Tag Archives: Larry Andersen

Mariners and Phillies have a long and at times pivotal trade history

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Jamie Moyer was an important pitcher in both Phillies and Mariners history

The Philadelphia Phillies and Seattle Mariners appear to be on the verge of a significant trade. If the rumors are true, this deal should be announced at some point later today.

In the deal, the Phillies would reportedly be sending first baseman Carlos Santana, young shortstop J.P. Crawford, and possibly a prospect to the Mariners in exchange for shortstop Jean Segura and a relief pitcher.
Assuming the deal is indeed completed, this would be the 11th trade between the Phillies and Mariners. It would mark the 16th transaction overall involving the two clubs dating back to even prior to Seattle playing their first-ever game as an expansion team in the 1977 season.
In that initial Philly-Seattle transaction on November 6, 1976, the Mariners purchased the contract of pitcher John Montague from the Phillies. It would be the last transaction involving the two clubs for nearly seven years.
On July 29, 1983 the Phillies purchased a 29-year-old righty relief pitcher from Seattle, one who would help them nail down the 1983 NL East crown and National League pennant. That reliever would spend parts of the next three years with the Phillies before a trade to Houston.
He would return as a free agent to help the 1993 Phillies win their next NL pennant, and has grown to become a beloved figure as a broadcaster with the team. I’m talking about none other than ‘LA’ himself, Larry Andersen.

More than four years later the Phillies and Mariners completed their first-ever actual trade. The Phillies sent popular veteran outfielder Glenn Wilson and a reliever who would become one of baseball’s best over the next decade, Michael Jackson, to Seattle in exchange for outfielder Phil Bradley and a prospect.

Following a couple of minor deals in the early-1990’s, the next interesting Phillies-Mariners trade came at the non-waiver deadline in the 1996 season. Veteran lefty starter Terry Mulholland was dealt to the Mariners in exchange for shortstop prospect Desi Relaford.
Mulholland and another lefty obtained by Seattle from the Boston Red Sox that year, Jamie Moyer, would help a Seattle team that featured Ken Griffey Jr. Alex Rodriguez, and Edgar Martinez make a late charge before finishing in second place to the Texas Rangers in the AL West. Relaford became the Phillies starting shortstop for a couple of years before yielding the position to Jimmy Rollins.
There were a couple of minor deals between the two teams over the next few years, but it would be a decade before another impact trade. That one came down on August 19, 2006 when the Phillies obtained Moyer for a pair of inconsequential prospects.

Moyer would become a key starter with his hometown team as the Phillies won the first four of what would be five consecutive NL East crowns. The crafty veteran lefty was a member of the starting rotation with the back-to-back National League pennant winners, including the 2008 World Series champions.


Cliff Lee was dealt to Mariners in December 2009, something for which many Phillies fans never forgave GM Ruben Amaro Jr.
A little more than three years later the two clubs swung another big deal involving a left-handed starter. This time it was the Mariners getting the better of the deal when they acquired Cliff Lee in exchange for three prospects, none of whom ever made an impact with the Phillies.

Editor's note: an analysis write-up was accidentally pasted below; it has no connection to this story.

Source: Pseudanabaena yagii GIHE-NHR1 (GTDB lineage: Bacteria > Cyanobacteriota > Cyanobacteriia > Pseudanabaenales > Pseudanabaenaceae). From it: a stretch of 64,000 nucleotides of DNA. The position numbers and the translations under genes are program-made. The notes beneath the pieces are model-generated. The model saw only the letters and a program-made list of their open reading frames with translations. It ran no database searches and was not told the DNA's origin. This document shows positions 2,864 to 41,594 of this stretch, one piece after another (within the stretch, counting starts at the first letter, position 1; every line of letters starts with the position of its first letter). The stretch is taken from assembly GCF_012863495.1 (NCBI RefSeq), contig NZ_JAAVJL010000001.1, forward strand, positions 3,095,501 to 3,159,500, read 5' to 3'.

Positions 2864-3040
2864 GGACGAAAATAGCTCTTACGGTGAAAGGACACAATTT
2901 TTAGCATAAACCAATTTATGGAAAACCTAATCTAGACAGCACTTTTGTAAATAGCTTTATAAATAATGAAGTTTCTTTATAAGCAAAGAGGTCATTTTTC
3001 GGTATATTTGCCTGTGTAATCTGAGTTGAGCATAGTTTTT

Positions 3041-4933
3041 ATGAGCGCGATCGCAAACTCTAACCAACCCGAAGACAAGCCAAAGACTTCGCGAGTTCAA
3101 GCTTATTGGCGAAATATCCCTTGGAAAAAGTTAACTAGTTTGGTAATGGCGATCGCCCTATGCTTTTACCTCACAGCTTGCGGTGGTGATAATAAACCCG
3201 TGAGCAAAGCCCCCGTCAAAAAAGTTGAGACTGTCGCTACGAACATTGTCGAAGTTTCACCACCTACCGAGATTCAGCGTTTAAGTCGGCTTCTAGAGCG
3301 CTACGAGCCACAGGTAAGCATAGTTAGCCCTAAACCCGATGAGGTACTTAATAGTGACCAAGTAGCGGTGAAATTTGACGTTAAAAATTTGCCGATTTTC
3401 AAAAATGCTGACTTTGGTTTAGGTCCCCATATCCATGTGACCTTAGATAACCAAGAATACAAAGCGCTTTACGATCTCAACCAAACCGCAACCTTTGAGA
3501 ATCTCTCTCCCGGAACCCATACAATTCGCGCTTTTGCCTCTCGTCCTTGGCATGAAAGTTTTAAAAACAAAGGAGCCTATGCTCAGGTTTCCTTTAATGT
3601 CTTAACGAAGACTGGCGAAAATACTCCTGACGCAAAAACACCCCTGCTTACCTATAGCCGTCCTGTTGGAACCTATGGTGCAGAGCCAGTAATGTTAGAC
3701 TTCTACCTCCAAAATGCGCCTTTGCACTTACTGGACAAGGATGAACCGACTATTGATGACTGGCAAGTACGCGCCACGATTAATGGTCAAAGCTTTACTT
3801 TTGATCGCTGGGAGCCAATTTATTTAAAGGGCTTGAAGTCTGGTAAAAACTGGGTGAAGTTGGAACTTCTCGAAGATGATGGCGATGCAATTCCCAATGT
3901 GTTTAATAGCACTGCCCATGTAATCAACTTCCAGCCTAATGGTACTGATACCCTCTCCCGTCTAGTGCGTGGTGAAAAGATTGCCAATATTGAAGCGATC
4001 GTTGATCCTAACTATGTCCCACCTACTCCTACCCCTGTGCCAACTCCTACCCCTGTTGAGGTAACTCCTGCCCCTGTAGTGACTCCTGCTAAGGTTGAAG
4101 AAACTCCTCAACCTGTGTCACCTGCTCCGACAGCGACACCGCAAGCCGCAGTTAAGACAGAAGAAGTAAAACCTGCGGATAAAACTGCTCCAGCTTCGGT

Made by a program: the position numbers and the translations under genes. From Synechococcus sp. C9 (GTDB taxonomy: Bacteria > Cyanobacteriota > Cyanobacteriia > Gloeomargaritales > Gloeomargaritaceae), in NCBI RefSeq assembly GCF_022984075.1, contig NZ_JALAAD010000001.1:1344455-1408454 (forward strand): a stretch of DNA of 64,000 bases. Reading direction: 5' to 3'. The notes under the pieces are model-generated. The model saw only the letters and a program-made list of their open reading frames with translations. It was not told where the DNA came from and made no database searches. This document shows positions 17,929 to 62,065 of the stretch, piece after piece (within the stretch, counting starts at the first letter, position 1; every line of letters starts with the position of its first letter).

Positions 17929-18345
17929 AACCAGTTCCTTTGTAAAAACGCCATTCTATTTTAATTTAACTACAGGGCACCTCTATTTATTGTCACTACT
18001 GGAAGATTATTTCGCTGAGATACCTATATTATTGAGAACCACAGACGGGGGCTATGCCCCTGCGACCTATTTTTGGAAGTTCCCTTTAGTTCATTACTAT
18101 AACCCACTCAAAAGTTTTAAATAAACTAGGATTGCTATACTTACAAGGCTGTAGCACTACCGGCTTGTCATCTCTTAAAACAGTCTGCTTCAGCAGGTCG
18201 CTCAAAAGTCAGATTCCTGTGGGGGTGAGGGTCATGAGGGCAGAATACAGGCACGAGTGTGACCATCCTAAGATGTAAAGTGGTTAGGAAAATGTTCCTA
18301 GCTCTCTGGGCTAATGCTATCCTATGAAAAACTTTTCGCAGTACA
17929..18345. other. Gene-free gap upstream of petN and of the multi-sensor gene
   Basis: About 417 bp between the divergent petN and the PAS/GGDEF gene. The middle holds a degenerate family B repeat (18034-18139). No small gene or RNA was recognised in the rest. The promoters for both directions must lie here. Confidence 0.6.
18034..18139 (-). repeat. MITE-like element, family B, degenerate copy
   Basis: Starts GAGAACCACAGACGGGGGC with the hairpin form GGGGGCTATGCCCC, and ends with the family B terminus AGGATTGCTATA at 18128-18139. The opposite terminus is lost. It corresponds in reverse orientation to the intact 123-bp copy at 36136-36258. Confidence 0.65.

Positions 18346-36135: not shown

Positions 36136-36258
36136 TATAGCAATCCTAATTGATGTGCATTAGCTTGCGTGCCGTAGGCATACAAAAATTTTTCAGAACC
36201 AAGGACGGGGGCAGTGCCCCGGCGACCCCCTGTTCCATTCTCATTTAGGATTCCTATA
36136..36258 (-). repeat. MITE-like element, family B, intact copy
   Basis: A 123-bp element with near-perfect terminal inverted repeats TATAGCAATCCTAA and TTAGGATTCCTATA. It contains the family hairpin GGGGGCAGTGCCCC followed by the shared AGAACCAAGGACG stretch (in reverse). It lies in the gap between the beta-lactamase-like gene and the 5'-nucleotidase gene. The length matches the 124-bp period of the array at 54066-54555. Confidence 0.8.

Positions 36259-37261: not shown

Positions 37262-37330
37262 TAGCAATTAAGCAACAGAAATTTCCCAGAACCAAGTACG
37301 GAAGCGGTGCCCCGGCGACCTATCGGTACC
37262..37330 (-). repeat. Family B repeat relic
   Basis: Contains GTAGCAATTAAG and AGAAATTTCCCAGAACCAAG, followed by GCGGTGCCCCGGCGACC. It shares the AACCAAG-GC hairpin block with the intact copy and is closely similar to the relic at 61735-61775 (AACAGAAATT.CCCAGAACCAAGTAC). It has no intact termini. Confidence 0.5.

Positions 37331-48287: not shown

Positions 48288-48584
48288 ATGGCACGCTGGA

The Lee trade is considered one of the best in Mariners history. Meanwhile, for Phillies fans it was bittersweet, coming on the same day that the club had acquired Roy Halladay in a trade with the Toronto Blue Jays.
Lee would ultimately return a year later as a free agent. He would finally team with Halladay and help the 2011 Phillies compile the best regular season record in franchise history as a member of the ‘Four Aces’ rotation with Cole Hamels and Roy Oswalt.
That Lee trade nearly a decade ago is the last significant deal between the two organizations. There has been one prior trade between the two teams during the terms of current general managers Matt Klentak and Jerry Dipoto.
On March 11, 2017, Klentak sent a minor league first baseman named Joey Curletta to Dipoto and Seattle. In exchange the Phillies GM received ambidextrous reliever Pat Venditte, who is now a free agent.
Sometime on Monday we will get the details of the latest trade between the Phillies and Mariners. While the two clubs don’t make many deals, they have proven significant on occasion. Only time will tell whether this deal falls into that category or proves relatively insignificant over the long haul.

Originally published at Phillies Nation as Phillies and Mariners have a sporadic but at times significant trade history

Remembering the 1993 NL champion Phillies in their silver anniversary season

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Daulton was the acknowledged clubhouse leader of the 1993 NL champions

The Philadelphia Phillies are officially feting the 2008 World Series championship team this weekend.

On the 10th anniversary of the historic season which concluded with that team winning the second title in franchise history, it is wholly understandable and appropriate.
However, there is another beloved Phillies team celebrating a big anniversary this year.
In fact, as someone who has been following the team closely since Veteran’s Stadium opened in 1971, I’ve always maintained that the other anniversary team provided the most fun single Phillies season that I ever experienced.